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This article provides a brief overview of EU ICZM policies in the recent past. The article provides a lot of links to relevant webpages and could be a good starting point for those looking for information on the subject.

A brief history of ICZM EU policies

See also: Public participation legislation

Early policies affecting the coastal zone were predominantly issue oriented (e.g. water quality) and reactive in nature. Furthermore the governance of coastal and marine areas has remained fragmented between countries and thematic areas (e.g. sectors) at both national and European level.

Since the 1970s the EU has been dealing with coastal zones through international conventions covering its regional seas. More recently, the EU has begun to specifically address problems related to the state of coasts and the coast as a regional entity[1].

Since 1996, the European Commission has been working to identify and promote measures to remedy Europe's coastal zones deterioration and to improve the overall situation.

The EU Demonstration Programme

From 1996 to 1999, the Commission operated the EU Demonstration Programme on Integrated Coastal Zone Management (ICZM) designed around a series of 35 demonstration projects and 6 thematic studies. This programme was aimed to:

  • Provide technical information about sustainable coastal zone management, and
  • Stimulate a broad debate among the various actors involved in the planning, management or use of European coastal zones.

The programme was intended to lead to a consensus regarding the measures necessary in order to stimulate ICZM in Europe

In 2000, based on the experiences and outputs of the EU Demonstration Programme, the Commission adopted two documents:

A Communication from the Commission to the Council and the European Parliament on "Integrated Coastal Zone Management: A Strategy for Europe" (COM/00/547 of 17 Sept. 2000)

A proposal for a European Parliament and Council Recommendation concerning the implementation of Integrated Coastal Zone Management in Europe (COM/00/545 of 8 Sept. 2000). This EU ICZM Recommendation (2002/413/EC) was adopted by Council and Parliament on 30 May 2002.

The Communication explains how the Commission will be working to promote Integrated Coastal Zone Management (ICZM) through the use of Community instruments and programmes. The Recommendation outlines steps which the Member States should take to develop national strategies for ICZM. The national strategies are due for Spring 2006 and should involve all the coastal stakeholders.

Evaluation of ICZM in Europe

Main article: Evaluation of ICZM in Europe

In 2006, the European Commission appointed an ICZM Evaluation Team to carry out an independent evaluation of ICZM in Europe[2].

The analysis of implementation trends has shown that the EU ICZM Recommendation has been beneficial for the coastal management in Europe:

  • Creating a new awareness regarding long-term coastal challenges
  • Initiating a rethinking of traditional planning approaches towards more sustainable ones
  • Creating a strong pressure to increase participative elements in decision-making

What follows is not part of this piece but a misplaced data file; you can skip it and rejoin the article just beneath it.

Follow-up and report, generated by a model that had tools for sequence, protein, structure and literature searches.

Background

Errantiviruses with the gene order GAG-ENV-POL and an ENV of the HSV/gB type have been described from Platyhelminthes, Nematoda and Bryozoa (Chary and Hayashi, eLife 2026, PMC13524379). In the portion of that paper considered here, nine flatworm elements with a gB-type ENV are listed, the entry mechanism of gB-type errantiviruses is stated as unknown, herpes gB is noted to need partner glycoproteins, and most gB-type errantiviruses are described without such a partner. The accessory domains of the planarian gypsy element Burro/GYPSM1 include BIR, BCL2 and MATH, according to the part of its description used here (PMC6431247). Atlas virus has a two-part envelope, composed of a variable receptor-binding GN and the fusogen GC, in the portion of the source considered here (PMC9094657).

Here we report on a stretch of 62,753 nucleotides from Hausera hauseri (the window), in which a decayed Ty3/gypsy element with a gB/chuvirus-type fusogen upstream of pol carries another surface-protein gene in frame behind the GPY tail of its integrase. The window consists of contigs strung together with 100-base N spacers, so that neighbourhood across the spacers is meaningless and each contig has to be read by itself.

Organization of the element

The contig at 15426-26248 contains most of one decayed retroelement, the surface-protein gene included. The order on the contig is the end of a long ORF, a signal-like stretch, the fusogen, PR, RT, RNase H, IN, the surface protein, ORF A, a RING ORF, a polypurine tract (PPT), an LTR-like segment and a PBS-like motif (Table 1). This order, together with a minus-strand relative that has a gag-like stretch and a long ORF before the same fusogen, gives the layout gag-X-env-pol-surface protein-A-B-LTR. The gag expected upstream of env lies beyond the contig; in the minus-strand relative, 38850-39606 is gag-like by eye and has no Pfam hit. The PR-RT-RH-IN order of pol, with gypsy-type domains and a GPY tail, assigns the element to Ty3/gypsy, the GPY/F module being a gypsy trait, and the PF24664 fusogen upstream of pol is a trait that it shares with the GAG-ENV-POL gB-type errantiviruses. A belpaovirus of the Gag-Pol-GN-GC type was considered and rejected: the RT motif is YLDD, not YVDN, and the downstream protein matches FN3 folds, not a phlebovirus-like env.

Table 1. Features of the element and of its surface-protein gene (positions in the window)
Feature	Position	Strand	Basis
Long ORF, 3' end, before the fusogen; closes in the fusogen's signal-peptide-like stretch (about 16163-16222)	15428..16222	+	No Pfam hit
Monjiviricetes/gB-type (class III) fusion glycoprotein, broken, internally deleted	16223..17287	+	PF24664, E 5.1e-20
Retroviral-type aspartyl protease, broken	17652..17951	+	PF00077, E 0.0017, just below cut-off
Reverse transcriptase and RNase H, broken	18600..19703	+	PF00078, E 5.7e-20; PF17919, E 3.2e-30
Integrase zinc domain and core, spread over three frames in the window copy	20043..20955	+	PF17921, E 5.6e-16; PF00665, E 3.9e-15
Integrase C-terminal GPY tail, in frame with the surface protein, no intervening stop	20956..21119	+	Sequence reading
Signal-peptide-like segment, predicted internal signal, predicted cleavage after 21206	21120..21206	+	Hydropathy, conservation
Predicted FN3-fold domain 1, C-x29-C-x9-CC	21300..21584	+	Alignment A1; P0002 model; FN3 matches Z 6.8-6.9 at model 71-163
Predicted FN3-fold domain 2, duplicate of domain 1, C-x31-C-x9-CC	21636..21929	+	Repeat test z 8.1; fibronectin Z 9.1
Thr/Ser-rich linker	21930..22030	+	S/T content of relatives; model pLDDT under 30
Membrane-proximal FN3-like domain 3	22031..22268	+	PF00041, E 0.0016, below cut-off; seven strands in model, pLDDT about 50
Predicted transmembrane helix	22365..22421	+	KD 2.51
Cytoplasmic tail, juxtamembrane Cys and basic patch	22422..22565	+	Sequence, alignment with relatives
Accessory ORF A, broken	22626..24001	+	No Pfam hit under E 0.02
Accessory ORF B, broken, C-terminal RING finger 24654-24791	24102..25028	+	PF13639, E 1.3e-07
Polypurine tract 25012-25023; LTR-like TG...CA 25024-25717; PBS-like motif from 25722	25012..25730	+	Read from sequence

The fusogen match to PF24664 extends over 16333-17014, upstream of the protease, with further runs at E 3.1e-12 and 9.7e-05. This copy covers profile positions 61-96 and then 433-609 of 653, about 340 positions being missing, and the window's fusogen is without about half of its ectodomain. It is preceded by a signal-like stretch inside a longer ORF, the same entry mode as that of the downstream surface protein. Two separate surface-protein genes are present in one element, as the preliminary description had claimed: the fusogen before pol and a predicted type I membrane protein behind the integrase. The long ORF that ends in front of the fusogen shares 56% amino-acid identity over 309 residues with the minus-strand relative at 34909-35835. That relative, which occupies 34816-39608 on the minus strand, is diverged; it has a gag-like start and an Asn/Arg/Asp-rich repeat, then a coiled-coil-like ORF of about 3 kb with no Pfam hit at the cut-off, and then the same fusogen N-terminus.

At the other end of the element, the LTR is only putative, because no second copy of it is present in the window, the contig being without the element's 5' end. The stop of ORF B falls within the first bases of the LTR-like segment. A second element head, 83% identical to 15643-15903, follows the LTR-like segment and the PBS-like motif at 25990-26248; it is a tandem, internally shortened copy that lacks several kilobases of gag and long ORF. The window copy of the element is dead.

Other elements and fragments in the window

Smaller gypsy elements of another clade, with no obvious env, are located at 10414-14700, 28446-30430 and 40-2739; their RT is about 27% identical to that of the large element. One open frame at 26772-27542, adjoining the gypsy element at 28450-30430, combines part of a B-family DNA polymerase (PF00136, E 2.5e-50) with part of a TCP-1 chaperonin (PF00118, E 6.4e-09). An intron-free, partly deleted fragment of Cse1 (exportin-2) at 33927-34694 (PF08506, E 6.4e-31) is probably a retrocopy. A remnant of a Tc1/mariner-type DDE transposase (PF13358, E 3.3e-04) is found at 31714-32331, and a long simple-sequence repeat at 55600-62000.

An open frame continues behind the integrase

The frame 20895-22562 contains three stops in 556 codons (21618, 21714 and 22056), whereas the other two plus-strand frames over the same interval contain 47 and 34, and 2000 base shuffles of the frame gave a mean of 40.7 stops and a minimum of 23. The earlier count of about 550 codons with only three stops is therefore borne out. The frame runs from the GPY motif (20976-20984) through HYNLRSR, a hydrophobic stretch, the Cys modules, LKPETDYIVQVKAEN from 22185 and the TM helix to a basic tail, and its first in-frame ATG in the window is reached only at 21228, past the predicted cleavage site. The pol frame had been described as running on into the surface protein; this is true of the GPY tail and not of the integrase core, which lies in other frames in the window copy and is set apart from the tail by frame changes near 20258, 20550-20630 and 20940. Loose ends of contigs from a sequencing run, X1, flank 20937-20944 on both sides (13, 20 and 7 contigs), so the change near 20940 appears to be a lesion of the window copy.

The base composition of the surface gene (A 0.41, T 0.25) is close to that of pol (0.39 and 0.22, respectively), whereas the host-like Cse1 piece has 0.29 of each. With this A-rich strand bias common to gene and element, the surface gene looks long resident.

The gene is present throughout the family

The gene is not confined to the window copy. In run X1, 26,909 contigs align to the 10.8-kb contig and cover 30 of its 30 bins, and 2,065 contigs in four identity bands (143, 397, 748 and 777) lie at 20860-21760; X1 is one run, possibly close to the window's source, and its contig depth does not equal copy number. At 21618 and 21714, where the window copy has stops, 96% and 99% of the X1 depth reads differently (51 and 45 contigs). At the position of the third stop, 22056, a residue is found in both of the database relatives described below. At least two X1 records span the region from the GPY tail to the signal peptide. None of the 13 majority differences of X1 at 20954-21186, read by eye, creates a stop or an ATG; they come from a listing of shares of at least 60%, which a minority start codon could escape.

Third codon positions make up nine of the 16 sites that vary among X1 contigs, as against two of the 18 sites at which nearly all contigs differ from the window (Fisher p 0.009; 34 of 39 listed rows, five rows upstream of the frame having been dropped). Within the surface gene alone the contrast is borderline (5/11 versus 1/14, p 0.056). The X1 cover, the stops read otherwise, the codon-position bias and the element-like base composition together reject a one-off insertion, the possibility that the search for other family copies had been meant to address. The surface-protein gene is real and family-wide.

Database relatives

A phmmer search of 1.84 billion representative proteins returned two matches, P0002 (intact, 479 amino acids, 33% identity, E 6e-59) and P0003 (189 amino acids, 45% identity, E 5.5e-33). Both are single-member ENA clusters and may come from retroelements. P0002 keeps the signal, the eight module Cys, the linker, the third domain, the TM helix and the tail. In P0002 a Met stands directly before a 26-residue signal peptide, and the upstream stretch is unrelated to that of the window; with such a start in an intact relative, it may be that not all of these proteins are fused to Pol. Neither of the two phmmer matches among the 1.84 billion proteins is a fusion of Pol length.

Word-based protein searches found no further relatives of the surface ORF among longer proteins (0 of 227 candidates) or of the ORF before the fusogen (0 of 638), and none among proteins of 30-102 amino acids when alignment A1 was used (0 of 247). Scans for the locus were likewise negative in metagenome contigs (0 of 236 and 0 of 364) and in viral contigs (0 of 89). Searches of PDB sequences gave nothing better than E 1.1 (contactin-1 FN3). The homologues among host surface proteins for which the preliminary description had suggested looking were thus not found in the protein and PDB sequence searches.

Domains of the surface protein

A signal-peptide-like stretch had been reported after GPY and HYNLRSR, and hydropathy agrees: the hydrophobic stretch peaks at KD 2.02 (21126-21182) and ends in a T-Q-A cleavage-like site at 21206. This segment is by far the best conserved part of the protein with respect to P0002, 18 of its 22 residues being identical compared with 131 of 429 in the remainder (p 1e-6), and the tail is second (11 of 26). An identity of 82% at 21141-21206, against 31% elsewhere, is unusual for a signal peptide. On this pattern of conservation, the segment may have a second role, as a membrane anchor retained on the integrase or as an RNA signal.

It is important to note that according to this report, ICZM has shown that it could become the instrument to link 'terrestrial' to 'marine' legislation, especially on a Regional Sea level


Policy documents for ICZM are the first to recognise three critical areas, namely:

  • the importance of land/sea interaction
  • the human dimension in coastal processes
  • the need to integrate different sectors and stakeholders in order to avoid the type of conflict which leads to unsustainable development[3].

The ICZM Mediterranean Protocol

Main EU policies dealing with coastal areas and its management

Many coastal authorities are engaging in ICZM in order to coordinate the multiple uses of the coastal zones, their impacts and development policies. The coherence of EU policies affecting coastal zones and the integration of the various levels of governance are a pre-requisite for successful ICZM.

There are several integrated and horizontal policies that are not directly aimed at coastal zones but are nevertheless very relevant to the sustainable development of coasts.

Fig.1 Illustrates the policy framework for ICZM in Europe.


Other relevant policies for ICZM:

Current EU ICZM practices

Further reading

See also The Integrated approach to Coastal Zone Management (ICZM)

See also Capacity Building in the frame of EU ICZM related policies

External links

The ICZM Evaluation Team of Rupprecht Consult and the International Ocean Institute (IOI) were appointed by the European Commision to carry out an independent evaluation of ICZM in Europe.

This report provides information on the state of the environment in the coastal areas of Europe, and provides evidence of the need for a more integrated, long-term approach.

References

  1. The changing faces of Europe's coastal areas, EEA Report (No 6/2006)
  2. Rupprecht Consult & International Ocean Institute 2006. Evaluation of Integrated Coastal Zone Management in Europe -Final Report, Cologne, Germany
  3. The changing faces of Europe's coastal areas, EEA Report (No 6/2006)


The main author of this article is Garriga, Maica
Please note that others may also have edited the contents of this article.